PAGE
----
Lake Street Dive offers artful, luscious sounds rooted in 1960s music, mostly Motown, Southern soul, and the lighthearted do-it-yourself pop that flourished in those difficult times and left so many of us who grew up back then with a lifelong love of pop music. The name refers to a bar-heavy street in the Minneapolis hometown of trumpeter Mike Olson, and the band members say they’re so dorky it took them four years to realize that the initials might connote LSD. They got together in Boston, at the New England Conservatory, and became part of the large constellation of musicians from that city who have applied conservatory artistry to American roots sounds. Now they’re based in Brooklyn.
A viral YouTube video–a street corner in Boston, a single microphone, and the Jackson 5’s “I Want You Back,” its rhythm reworked by bassist Bridget Kearney into a lazily swinging yet highly subtle groove–helped the group break out from the host of other revivalist groups that circulate among small roots clubs like the Ark. For their latest visit to Ann Arbor, on March 1, they’ll be at the Michigan Theater. For a group that pays as much attention to sophisticated sound engineering as this one does, we should have a venue that size with really strong acoustics, but so it goes.
The centerpiece is the singing of Rachael Price, a Tennessean who conjures memories of Dusty Springfield. But the care with which the rest of the band fills out the picture strikes you at every turn. They play a few covers, which heavily rethink their models, but most of their songs are originals like “Call Off Your Dogs,” in which that catchily syncopated refrain expresses a woman’s attempt to get past a man’s defensiveness. The rhythms of Kearney and drummer Mike Calabrese are infectious in a dance-pop style but push at the basic beats in a dozen different ways if you listen for them. Olson’s jazz trumpet adds an improvisatory aspect to performances that are tightly controlled, right down to wardrobe. The band offers not just a winning solo voice but ensemble work of a very high order.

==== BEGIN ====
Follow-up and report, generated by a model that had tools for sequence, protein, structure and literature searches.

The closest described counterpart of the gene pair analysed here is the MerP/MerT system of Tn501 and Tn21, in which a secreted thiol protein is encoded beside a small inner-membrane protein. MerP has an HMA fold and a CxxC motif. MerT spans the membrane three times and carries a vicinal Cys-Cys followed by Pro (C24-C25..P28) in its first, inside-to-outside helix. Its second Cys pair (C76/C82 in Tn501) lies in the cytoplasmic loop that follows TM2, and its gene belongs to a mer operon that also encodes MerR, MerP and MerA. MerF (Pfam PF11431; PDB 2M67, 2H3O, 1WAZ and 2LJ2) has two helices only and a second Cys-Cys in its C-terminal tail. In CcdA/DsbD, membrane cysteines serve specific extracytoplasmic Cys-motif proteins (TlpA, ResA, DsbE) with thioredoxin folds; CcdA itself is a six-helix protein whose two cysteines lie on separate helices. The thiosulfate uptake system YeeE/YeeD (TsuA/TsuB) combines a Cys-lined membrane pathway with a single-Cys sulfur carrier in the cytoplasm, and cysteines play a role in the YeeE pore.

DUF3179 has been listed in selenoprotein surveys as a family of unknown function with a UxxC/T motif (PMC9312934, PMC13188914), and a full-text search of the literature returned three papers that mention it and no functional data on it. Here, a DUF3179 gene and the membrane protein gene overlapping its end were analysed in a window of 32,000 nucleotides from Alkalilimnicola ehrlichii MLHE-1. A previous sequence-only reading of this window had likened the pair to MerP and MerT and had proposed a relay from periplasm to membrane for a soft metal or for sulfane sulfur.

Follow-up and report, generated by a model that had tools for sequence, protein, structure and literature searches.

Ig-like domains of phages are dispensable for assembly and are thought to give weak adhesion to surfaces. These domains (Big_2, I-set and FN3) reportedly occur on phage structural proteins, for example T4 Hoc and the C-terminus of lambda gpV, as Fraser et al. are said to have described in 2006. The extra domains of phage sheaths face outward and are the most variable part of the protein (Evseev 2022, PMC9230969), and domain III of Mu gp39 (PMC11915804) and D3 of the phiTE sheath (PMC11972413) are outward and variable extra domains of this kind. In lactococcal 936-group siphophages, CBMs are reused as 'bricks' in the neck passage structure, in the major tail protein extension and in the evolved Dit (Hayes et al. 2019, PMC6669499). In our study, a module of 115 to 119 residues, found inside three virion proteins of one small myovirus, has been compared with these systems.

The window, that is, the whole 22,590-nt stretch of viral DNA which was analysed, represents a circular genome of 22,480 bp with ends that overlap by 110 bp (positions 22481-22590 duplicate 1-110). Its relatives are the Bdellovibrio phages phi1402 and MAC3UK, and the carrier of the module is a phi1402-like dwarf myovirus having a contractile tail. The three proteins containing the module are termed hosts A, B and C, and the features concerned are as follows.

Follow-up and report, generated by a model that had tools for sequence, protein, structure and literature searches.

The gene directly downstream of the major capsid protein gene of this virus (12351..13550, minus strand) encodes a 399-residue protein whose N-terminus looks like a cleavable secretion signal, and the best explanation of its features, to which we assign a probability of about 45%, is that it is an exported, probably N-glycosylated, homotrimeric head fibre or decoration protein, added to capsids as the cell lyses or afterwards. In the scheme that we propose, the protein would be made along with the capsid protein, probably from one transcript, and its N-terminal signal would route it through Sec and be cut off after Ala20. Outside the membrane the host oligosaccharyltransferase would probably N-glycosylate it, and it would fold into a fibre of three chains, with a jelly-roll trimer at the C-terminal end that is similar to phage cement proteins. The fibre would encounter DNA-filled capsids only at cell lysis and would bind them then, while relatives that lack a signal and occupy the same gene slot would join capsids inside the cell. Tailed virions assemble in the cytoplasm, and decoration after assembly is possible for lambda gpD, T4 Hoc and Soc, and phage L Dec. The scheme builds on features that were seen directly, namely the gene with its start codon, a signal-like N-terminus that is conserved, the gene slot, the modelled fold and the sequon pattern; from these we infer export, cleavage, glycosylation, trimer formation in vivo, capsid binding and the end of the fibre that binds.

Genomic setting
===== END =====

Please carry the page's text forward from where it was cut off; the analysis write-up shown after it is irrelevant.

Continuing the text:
It’s blue-eyed soul at its best. Perhaps the Trump era will sweep away the current wave of innocent revivalism, and in two years music will be made in genres that hardly exist now. Who can tell? But it would be churlish not to enjoy Lake Street Dive.